Strengthening U.S. Borders with Intelligent Name Matching
U.S. Customs and Border Protection (CBP) provides security and facilitation operations at 328 ports of entry throughout the country. CBP takes a comprehensive approach to border management and control, combining customs, immigration, border security, and agricultural protection into one coordinated and supportive activity. The CBP staffers are responsible for enforcing hundreds of U.S. laws and regulations. On a typical day, CBP processes nearly 1 million visitors.
The U.S. Department of Homeland Security (DHS) Targeting and Analysis Systems Program Office (TASPO) wanted to strengthen the screening system used by the CBP. This system scans and matches millions of names a day to secure U.S. borders and facilitate lawful international trade and travel, while enforcing U.S. laws and regulations.
Accuracy is the top priority of many missions using human language technology. For CBP’s TASPO office, ensuring that people entering the country are properly screened ultimately saves lives.
The Boston Marathon Bombing
In 2011, the FBI issued a detain alert for Tamerlan Tsarnaev, who later became known as one of the two Boston Marathon bomber suspects in April 2013. In January 2012, Tsarnaev traveled to Russia, and in July 2012, he returned to Boston. He was not detained on either occasion. Why?
On that January day, there were too many matching watchlist names for airport agents to process, and Tsarnaev wasn’t flagged. When he returned in July, the January detain alert had expired, and a new alert spelled his last name “Tsarnayev.” Because his travel documents said “Tsarnaev,” his name was not matched to the FBI alert.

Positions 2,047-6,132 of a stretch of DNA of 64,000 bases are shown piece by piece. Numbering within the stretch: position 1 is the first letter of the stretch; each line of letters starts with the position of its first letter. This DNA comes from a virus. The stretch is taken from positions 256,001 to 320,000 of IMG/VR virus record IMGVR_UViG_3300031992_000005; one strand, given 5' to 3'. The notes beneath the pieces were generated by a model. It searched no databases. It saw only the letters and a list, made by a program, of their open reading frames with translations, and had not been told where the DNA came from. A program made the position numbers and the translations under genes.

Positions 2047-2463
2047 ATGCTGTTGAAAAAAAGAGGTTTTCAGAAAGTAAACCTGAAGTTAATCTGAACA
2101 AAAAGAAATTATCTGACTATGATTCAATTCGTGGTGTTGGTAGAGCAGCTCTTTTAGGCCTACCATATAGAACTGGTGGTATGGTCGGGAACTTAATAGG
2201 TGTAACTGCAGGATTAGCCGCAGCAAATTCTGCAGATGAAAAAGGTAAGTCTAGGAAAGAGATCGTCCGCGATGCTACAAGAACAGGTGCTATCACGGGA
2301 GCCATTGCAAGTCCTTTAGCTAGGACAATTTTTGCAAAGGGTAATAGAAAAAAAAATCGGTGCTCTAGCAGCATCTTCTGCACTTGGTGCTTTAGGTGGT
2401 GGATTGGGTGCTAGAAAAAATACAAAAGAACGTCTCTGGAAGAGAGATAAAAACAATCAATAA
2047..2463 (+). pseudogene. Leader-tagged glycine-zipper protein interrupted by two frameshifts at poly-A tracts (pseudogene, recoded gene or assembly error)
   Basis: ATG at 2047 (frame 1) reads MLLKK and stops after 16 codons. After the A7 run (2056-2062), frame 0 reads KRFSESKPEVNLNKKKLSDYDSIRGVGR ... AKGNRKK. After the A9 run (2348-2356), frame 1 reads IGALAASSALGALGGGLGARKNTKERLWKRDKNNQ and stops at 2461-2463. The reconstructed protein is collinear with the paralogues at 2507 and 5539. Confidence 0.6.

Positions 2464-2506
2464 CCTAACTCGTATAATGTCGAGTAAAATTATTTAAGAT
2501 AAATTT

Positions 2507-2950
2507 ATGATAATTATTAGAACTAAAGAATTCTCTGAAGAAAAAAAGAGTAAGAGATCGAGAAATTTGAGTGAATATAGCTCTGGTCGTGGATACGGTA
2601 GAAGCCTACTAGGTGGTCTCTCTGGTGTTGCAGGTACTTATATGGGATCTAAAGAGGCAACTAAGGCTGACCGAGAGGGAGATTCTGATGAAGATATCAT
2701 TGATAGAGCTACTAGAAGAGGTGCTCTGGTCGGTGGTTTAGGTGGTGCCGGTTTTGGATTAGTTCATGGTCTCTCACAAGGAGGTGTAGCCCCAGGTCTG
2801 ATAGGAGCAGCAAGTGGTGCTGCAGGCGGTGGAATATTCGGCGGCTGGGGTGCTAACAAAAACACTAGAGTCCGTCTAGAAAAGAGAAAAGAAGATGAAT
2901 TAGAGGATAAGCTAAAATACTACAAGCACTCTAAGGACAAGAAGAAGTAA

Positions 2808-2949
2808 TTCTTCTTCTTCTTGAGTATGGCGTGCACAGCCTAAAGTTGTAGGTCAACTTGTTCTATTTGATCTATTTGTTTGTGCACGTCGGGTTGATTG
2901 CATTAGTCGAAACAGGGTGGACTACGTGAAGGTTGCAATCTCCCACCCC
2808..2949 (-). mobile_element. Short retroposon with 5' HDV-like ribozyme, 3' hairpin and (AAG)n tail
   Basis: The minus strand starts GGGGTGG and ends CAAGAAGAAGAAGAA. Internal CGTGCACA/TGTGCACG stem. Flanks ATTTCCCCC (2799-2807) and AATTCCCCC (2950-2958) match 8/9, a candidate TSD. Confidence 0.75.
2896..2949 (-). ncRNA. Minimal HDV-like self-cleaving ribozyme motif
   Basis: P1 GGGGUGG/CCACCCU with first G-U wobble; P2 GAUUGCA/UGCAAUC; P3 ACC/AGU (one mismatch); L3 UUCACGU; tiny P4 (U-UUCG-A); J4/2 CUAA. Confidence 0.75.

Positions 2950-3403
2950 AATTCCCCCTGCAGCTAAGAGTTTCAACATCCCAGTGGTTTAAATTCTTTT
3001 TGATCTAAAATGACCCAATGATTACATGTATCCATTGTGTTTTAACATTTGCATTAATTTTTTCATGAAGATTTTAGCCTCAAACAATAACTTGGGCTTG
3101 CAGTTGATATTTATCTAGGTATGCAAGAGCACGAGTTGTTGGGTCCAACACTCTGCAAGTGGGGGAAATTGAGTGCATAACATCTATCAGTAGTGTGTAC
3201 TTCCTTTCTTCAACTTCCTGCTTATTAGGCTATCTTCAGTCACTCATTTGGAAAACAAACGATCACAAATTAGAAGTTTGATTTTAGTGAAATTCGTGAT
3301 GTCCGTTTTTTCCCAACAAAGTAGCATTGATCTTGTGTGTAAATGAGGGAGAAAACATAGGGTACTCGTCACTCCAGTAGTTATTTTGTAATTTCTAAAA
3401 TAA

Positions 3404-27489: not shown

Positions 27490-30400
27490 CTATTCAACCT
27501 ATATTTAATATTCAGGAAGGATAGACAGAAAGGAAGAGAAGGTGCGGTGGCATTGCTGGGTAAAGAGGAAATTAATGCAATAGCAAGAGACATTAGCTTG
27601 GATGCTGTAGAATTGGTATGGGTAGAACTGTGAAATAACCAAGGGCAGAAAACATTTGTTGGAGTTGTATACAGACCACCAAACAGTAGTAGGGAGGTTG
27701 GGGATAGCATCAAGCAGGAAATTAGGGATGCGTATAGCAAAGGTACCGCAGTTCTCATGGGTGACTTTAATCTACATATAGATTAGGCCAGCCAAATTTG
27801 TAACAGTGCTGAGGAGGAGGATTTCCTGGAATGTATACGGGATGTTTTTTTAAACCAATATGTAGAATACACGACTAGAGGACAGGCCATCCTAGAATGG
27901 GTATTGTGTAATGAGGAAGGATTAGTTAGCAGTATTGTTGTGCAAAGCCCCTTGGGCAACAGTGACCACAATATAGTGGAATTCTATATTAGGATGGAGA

Proper screening requires accurate name matching to flag possible hits on watchlists. To maximize that accuracy, TASPO wanted to integrate different approaches to name matching, so that it could benefit from the strengths of each.
CBP’s system in 2013 used a “brute force” approach, generating all possible spelling variations in an attempt to increase possible matches. This approach has weaknesses, such as dealing with not-yet-seen names and names with added or missing spaces.
CBP tested and added Rosette Name Indexer, a human language technology-based solution that uses machine learning and carefully weighted algorithms to understand phonetic variations, nickname formation patterns, and name variations within each language. It also links names across different languages and scripts, using knowledge of how a sound in one language may be spelled in a different one.
By integrating Rosette technology into its screening system, CBP added greater name matching accuracy — and ultimately greater security — to its border protection efforts.